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|Title:||Long-term risk for device-related complications and reoperations after implantable cardioverter-defibrillator implantation: an observational cohort study|
|Citation:||Annals of Internal Medicine, 2016; 165(1):20-29|
|Publisher:||American College of Physicians|
|Isuru Ranasinghe, Craig S. Parzynski, James V. Freeman, Rachel P. Dreyer, Joseph S. Ross, Joseph G. Akar, Harlan M. Krumholz and Jeptha P. Curtis|
|Abstract:||Background: Long-term nonfatal outcomes after implantable cardioverter-defibrillator (ICD) placement are poorly defined. Objective: To determine the long-term risk for ICD-related complications requiring reoperation or hospitalization and reoperation for reasons other than complications, and to assess associated patient and device characteristics. Design: Observational cohort study of ICD implantations from the National Cardiovascular Data Registry ICD registry linked with Medicare fee-for-service claims data. Setting: 1437 U.S. hospitals. Patients: 114 484 patients aged 65 years or older (mean, 74.8 years [SD, 6.2]; 72.4% male) receiving an ICD for the first time from 2006 to 2010 (single-chamber, 19.8%; dual-chamber, 41.3%; cardiac resynchronization therapy with a defibrillator [CRT-D], 38.9%). Measurements: Rate and cumulative incidence of ICD-related complications requiring reoperation or hospitalization and reoperation for reasons other than complications. Results: During a median follow-up of 2.7 years (interquartile range, 1.8 to 3.9 years), 40 072 patients died, representing 12.6 (95% CI, 12.5 to 12.7) deaths per 100 patient-years of follow-up. When the risk for death was accounted for, there were 6.1 (CI, 6.0 to 6.2) ICD-related complications per 100 patient-years that required reoperation or hospitalization and 3.9 (CI, 3.8 to 4.0) reoperations per 100 patient-years for reasons other than complications. Overall, 10 patients had complications or reoperation per 100 patient-years of follow-up. Younger age at implantation (65 to 69 vs. >85 years) (hazard ratio [HR], 1.55 [CI, 1.43 to 1.69]), receipt of a CRT-D device (HR, 1.38 [CI, 1.31 to 1.45]) versus a single-chamber device, female sex (HR, 1.16 [CI, 1.12 to 1.21]), and black race (HR, 1.14 [CI, 1.05 to 1.23]) were associated with the greatest increased risks for ICD-related complications. Limitation: The analysis was limited to Medicare fee-for-service patients aged 65 years or older. Conclusion: Patients have a high rate of device-related complications and reoperation for other causes after ICD implantation. Risks of ICD implantation and strategies to reduce them should be actively considered before implantation. Primary Funding Source: American College of Cardiology Foundation's National Cardiovascular Data Registry.|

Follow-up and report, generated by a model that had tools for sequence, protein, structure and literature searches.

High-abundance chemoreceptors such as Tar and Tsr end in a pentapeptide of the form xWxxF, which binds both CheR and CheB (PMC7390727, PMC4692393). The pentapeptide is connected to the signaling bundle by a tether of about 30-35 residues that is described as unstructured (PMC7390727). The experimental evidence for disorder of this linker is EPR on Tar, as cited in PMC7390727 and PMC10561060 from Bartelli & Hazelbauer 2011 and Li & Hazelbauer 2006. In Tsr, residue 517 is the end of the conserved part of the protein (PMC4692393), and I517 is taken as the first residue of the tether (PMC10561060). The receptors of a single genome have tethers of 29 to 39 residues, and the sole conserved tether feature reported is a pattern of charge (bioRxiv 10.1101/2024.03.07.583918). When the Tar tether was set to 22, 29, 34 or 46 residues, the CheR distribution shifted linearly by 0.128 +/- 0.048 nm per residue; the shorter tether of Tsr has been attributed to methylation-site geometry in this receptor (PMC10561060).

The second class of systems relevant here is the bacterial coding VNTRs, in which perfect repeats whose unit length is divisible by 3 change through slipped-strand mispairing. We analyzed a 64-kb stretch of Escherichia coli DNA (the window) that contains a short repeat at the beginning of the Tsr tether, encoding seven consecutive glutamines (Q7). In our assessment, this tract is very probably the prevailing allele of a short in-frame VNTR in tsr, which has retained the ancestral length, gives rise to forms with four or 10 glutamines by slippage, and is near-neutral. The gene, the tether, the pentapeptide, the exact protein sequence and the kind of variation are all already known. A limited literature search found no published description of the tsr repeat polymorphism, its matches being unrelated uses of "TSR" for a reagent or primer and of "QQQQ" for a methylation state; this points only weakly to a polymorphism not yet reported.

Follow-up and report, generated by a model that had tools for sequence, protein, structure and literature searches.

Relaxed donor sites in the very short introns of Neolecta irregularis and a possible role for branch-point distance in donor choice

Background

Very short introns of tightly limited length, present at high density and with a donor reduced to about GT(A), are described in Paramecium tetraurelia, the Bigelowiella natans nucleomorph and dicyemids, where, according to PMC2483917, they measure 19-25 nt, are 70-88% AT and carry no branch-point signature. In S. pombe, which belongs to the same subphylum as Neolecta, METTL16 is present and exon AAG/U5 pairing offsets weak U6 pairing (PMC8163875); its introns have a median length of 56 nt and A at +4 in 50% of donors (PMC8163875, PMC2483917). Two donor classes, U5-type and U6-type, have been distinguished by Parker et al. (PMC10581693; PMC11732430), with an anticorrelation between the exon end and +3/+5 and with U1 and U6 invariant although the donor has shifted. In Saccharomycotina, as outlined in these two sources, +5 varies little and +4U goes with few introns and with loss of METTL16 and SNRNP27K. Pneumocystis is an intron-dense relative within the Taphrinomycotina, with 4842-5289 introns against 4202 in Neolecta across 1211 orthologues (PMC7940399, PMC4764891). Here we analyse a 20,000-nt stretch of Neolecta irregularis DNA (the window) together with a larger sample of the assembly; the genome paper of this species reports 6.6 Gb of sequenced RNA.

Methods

|Rights:||© 2016 American College of Physicians|
|Appears in Collections:||Medicine publications|
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